Inside Cape Coast Castle and Its History

A harsh and sobering part of history is the trans-Atlantic slave trade, which lasted from the 16th to 19th centuries and stole an estimated 12 million people from Africa. These human beings were taken from their families and homelands and sold into slavery in the Americas. By the late 17th century, the British were shipping the most slaves from their colonies in West Africa, including Ghana. One of the their slave trading forts was Cape Coast castle.

History of Cape Coast Castle

The fort at Cape Coast was founded in 1653 by the Swedes, initially for the gold and timber trade. Over the next ten years, the Swedes, Danish and Dutch vied for control of the trading post. Ultimately, it landed in the hands of the Dutch. In 1664, the British captured the fort as a part of the Second Dutch-Anglo war.

After fortifying the structure and building it up, Cape Coast Castle became the capital for British operations in the Gold Coast. In 1757, the entire building was reconstructed after sustaining damage from a French assault during the Seven Years’ War

The castle underwent restorations in the 1920s and 1990s and is a UNESCO World Heritage Site.

Inside Cape Coast Castle

A visit to Cape Coast Castle includes a very good guided tour, with much of the history explained. You start in the dungeons, where the slaves were held.

In one of the male dungeons, archeologists excavated the floor and found that the original stone floor was about 18 inches below where they began. All of that was an accumulation of blood, urine, feces, vomit, menses and dirt. All of the floors of the other dungeons remain un-excavated. Each dungeon had small holes, barely allowing any light or air into the rooms that would be packed with bodies in the tropical climate. Food would be thrown down one from one of these holes.

There is a smaller room, adjacent to the female dungeons. In this cell, women who were chosen to be raped by the officers were held. In the corner of the large courtyard, there is another small cell, with no windows to the outside. Captives who were deemed troublesome were locked in that small room to die of starvation, overheating and suffocation.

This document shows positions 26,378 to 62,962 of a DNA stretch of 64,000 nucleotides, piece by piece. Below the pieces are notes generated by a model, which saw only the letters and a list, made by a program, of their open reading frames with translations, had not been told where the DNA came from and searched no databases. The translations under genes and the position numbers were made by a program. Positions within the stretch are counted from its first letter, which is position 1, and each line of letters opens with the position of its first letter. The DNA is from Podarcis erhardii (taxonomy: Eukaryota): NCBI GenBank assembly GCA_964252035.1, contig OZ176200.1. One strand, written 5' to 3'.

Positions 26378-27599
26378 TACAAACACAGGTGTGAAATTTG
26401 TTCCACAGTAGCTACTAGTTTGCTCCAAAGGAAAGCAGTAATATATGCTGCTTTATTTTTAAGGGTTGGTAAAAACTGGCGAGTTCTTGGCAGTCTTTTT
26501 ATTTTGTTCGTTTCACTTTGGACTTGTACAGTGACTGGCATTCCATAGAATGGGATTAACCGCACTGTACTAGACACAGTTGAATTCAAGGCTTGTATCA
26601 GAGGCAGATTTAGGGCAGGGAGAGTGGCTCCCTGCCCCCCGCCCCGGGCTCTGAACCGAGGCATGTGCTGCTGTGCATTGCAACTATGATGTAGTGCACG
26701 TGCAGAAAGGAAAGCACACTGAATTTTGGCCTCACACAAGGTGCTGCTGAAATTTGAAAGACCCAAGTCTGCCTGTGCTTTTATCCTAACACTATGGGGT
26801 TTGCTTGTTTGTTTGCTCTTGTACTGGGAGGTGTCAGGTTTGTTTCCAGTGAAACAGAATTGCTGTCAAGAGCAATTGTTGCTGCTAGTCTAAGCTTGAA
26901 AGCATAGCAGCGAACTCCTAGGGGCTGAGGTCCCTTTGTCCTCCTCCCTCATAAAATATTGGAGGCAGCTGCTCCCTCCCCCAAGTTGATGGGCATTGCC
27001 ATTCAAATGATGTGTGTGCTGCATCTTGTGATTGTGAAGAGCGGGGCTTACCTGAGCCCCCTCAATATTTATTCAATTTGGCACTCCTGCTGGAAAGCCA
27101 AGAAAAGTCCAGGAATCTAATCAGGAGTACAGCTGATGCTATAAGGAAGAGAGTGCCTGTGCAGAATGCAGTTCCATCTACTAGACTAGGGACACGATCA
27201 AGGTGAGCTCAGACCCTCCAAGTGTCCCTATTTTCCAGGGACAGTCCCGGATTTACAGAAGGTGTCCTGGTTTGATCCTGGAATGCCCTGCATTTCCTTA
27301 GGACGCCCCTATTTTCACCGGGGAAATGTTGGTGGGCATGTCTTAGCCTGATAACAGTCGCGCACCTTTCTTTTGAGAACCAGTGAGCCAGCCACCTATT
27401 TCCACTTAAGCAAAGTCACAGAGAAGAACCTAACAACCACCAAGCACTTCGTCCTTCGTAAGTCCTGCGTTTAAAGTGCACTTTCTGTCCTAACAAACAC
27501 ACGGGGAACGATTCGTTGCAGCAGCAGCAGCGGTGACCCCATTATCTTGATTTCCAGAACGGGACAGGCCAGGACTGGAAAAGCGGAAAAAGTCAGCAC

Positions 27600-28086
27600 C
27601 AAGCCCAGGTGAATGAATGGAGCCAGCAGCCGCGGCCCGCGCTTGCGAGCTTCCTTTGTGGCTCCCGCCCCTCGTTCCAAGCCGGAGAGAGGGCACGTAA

After spending months in the dungeons, waiting for ships that could be packed full of human beings, the captives were taken through what became known as the Door of No Return. Presently, the door is large and accommodating, however it was enlarged after the end of the slave trade. During the years of the slave trade, the door was much smaller, about four feet tall which made it difficult for the enslaved people to try to escape that way.

In recent years, descendants of enslaved people have come back to Ghana and participated in homecoming ceremonies. Part of this includes walking back through this door, making it the Door of Return.

Above the dungeons are large, bright rooms with marble floors and windows overlooking the ocean. These were used by officers, the governors and notable visitors. Rooms included great dining halls, negotiation rooms and a church among others. In a bit of cruelty, the church was located directly above the dungeons, with holes in the ceiling. Those in the dungeons could then hear the preaching of a promise of heaven while they were trapped in an earthly hell.

Visiting Cape Coast Castle

Cape Coast is about 150 kilometers from Accra. To get there, you can take a bus or tro tro from Kaneshie station. If you are dropped on the highway, take a taxi into town to the castle. If you are dropped off in town, it’s not too far of a walk to the castle and anyone can point you in the right direction. Admission is 40 cedi for foreigners at the time of writing, 30 cedi if you have a student ID. The tour lasts about an hour and half to two hours and there is a pretty decent museum there as well, so budget for about two and a half hours to see it all.


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